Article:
A waterfall of colours
Of Chile’s 4000km-plus coastline, the brief central strip between Rocas de Santo Domingo and Los Vilos is the most visited and developed. Known as the Litoral Central, this 250km stretch boasts bay after bay lined with gorgeous, white-sand beaches, and a string of coastal resort towns.
Valparaíso and Viña del Mar sit next to each other near the middle of the strip. They are geographical neighbours, but poles apart in appearance and atmosphere.
Viña is Chile’s largest beach resort and one of its ritziest. With its high-rises, casino, and seafront restaurants, as well as the beaches and clubs in nearby Reñaca, Viña typifies modern hedonism.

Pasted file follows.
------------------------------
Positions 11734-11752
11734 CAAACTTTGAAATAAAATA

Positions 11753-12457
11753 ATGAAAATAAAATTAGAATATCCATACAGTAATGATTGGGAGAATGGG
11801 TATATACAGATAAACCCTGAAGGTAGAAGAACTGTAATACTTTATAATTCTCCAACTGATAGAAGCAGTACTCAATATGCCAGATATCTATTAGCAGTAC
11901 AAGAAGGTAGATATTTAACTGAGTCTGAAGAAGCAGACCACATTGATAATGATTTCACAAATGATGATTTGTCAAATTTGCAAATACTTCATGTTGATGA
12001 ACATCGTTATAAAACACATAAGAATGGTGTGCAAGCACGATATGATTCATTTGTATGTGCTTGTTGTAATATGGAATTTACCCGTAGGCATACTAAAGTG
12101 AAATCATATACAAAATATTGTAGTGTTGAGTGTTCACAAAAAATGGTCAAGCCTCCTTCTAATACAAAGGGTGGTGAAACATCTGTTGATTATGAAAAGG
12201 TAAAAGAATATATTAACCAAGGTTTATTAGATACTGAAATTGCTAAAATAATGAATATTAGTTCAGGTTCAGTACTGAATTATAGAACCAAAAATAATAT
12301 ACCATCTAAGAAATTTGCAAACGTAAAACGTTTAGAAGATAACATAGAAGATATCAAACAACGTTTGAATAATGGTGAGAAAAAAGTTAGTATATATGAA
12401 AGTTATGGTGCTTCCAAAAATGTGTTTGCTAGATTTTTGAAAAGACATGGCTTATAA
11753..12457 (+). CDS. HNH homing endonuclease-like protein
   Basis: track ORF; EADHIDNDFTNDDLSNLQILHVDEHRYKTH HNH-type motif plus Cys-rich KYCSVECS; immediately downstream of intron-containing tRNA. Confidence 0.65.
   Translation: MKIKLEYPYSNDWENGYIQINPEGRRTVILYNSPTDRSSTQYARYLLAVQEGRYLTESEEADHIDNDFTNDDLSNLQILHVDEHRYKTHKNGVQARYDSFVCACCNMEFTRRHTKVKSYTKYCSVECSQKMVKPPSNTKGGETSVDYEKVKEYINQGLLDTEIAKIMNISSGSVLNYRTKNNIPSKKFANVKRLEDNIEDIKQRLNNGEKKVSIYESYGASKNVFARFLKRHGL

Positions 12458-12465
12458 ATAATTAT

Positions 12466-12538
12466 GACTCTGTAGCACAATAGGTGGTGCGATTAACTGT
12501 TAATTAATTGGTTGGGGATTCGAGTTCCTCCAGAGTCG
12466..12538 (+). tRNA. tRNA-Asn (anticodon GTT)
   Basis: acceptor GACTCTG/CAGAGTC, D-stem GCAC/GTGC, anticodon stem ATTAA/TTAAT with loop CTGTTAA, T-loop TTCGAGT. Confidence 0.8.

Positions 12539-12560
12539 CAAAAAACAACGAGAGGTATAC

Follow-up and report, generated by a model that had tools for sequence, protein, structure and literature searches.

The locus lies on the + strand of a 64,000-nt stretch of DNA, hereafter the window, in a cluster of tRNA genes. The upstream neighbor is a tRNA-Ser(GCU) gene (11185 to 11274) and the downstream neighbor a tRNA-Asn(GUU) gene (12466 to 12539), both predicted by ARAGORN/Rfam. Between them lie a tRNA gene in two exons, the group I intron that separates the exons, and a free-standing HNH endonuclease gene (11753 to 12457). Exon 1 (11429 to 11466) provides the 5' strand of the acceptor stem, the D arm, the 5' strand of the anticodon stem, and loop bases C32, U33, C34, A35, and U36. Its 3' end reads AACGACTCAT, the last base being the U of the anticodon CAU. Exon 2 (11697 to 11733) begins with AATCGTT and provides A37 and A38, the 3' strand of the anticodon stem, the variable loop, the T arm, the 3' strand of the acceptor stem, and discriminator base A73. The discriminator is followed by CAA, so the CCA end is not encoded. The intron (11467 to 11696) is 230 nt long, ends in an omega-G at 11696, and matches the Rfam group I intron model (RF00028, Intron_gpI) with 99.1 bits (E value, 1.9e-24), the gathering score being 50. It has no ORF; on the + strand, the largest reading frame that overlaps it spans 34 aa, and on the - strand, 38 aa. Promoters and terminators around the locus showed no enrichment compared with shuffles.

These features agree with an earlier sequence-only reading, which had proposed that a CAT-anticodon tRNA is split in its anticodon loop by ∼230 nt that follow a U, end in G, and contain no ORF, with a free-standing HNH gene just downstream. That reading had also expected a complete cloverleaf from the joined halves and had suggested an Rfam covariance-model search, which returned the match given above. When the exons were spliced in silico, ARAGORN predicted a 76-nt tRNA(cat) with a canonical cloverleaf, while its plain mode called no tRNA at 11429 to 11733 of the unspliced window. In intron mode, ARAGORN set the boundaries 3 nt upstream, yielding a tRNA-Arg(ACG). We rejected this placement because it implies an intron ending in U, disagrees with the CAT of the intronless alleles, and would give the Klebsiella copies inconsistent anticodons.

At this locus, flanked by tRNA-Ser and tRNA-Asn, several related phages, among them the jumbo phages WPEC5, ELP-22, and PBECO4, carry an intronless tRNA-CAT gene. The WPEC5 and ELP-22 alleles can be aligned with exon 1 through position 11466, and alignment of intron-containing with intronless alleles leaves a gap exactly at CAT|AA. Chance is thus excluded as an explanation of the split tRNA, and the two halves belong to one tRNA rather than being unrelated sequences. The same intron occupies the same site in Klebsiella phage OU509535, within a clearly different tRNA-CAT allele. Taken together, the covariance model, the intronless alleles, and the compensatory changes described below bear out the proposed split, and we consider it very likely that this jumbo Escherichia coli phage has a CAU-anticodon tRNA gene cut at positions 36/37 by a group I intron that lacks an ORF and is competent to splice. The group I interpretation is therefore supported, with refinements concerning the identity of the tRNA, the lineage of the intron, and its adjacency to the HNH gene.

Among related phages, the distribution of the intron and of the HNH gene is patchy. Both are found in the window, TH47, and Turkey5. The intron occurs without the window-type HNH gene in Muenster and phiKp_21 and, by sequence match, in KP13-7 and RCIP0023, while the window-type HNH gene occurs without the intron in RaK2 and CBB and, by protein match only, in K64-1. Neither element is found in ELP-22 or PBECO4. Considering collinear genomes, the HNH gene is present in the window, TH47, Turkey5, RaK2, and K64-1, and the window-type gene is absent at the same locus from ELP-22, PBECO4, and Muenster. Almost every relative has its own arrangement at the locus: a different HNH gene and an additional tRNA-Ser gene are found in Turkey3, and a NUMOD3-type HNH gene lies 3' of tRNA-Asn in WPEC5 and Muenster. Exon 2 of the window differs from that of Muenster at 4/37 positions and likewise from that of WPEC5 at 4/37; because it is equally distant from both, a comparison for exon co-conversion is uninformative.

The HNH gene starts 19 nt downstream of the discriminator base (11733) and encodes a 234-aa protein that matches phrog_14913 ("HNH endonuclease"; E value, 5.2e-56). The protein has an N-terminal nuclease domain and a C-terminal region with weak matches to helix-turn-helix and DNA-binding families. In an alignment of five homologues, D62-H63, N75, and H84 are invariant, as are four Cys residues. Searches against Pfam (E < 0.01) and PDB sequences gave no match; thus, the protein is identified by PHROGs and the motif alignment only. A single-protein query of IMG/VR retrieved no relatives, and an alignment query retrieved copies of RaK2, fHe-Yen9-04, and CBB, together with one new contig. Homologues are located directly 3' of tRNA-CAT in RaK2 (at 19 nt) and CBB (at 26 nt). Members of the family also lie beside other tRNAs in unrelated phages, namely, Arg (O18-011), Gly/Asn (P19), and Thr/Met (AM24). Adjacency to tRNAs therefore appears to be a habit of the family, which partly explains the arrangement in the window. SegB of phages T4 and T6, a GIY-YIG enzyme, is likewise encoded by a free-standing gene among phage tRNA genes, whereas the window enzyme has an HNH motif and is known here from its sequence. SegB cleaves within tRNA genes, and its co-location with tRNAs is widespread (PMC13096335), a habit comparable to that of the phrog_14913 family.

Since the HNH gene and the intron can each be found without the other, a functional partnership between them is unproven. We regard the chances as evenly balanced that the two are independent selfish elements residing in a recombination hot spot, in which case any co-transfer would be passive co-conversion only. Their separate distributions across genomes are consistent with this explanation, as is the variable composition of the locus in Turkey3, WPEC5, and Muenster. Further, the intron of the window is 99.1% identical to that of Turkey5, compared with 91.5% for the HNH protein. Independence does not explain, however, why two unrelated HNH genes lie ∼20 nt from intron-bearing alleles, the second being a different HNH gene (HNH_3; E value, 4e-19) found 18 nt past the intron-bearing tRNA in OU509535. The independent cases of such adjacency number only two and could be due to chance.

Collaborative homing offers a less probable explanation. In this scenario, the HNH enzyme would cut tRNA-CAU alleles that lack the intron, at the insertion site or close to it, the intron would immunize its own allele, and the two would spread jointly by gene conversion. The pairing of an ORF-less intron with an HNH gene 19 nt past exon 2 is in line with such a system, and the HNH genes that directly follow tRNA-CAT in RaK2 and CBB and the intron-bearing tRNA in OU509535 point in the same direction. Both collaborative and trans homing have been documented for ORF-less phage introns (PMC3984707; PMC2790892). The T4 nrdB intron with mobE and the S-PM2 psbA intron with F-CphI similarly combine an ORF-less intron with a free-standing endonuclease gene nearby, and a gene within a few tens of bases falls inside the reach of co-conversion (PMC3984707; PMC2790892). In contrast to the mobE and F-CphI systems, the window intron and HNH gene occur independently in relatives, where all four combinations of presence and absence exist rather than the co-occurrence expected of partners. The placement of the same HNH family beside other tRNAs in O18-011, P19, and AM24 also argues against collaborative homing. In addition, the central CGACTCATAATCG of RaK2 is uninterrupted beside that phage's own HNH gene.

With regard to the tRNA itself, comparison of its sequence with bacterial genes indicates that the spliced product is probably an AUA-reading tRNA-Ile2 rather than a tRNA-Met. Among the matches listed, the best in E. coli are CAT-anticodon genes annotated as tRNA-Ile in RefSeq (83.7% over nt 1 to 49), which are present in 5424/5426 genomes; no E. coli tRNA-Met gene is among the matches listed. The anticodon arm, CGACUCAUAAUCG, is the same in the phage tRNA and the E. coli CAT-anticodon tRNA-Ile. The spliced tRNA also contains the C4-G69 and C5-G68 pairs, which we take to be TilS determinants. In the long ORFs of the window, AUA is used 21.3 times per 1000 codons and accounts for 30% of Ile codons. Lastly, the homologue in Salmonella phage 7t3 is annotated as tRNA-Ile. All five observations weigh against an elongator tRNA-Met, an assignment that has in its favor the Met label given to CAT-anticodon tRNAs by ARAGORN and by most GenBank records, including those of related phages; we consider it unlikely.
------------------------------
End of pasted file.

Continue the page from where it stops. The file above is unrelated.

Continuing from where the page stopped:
The UNESCO World Heritage-listed city of Valparaíso, on the other hand, has far more personality, with ramshackle, colourfulhouses spilling chaotically down the hills to the sea (but no decent beaches). “Valpo” is Chile’s principal port and naval base, and also perhaps the country’s liveliest and most vibrant city. The nightlife and excellent seafood attract much of Santiago to its bars and restaurants at the weekend, as does the nearby beach resort of Viña del Mar. For stretches of sand, you’ll need to head south or north.
Closest to Santiago, via the “Autopista del Sol” (Ruta 78), are the resorts south of Valparaíso, which are busier and more developed. The one spot besides the beaches where you might want to spend some time in Viña del Mar is the lovely Quinta Vergara park, where the manicured grounds are home to a vast array of exotic imported plants. It is located a couple of blocks south of Plaza Vergara behind the Metrotrén Estación Viña, with the futuristic-looking Anfiteatro, home to the annual music festival, as its centrepiece.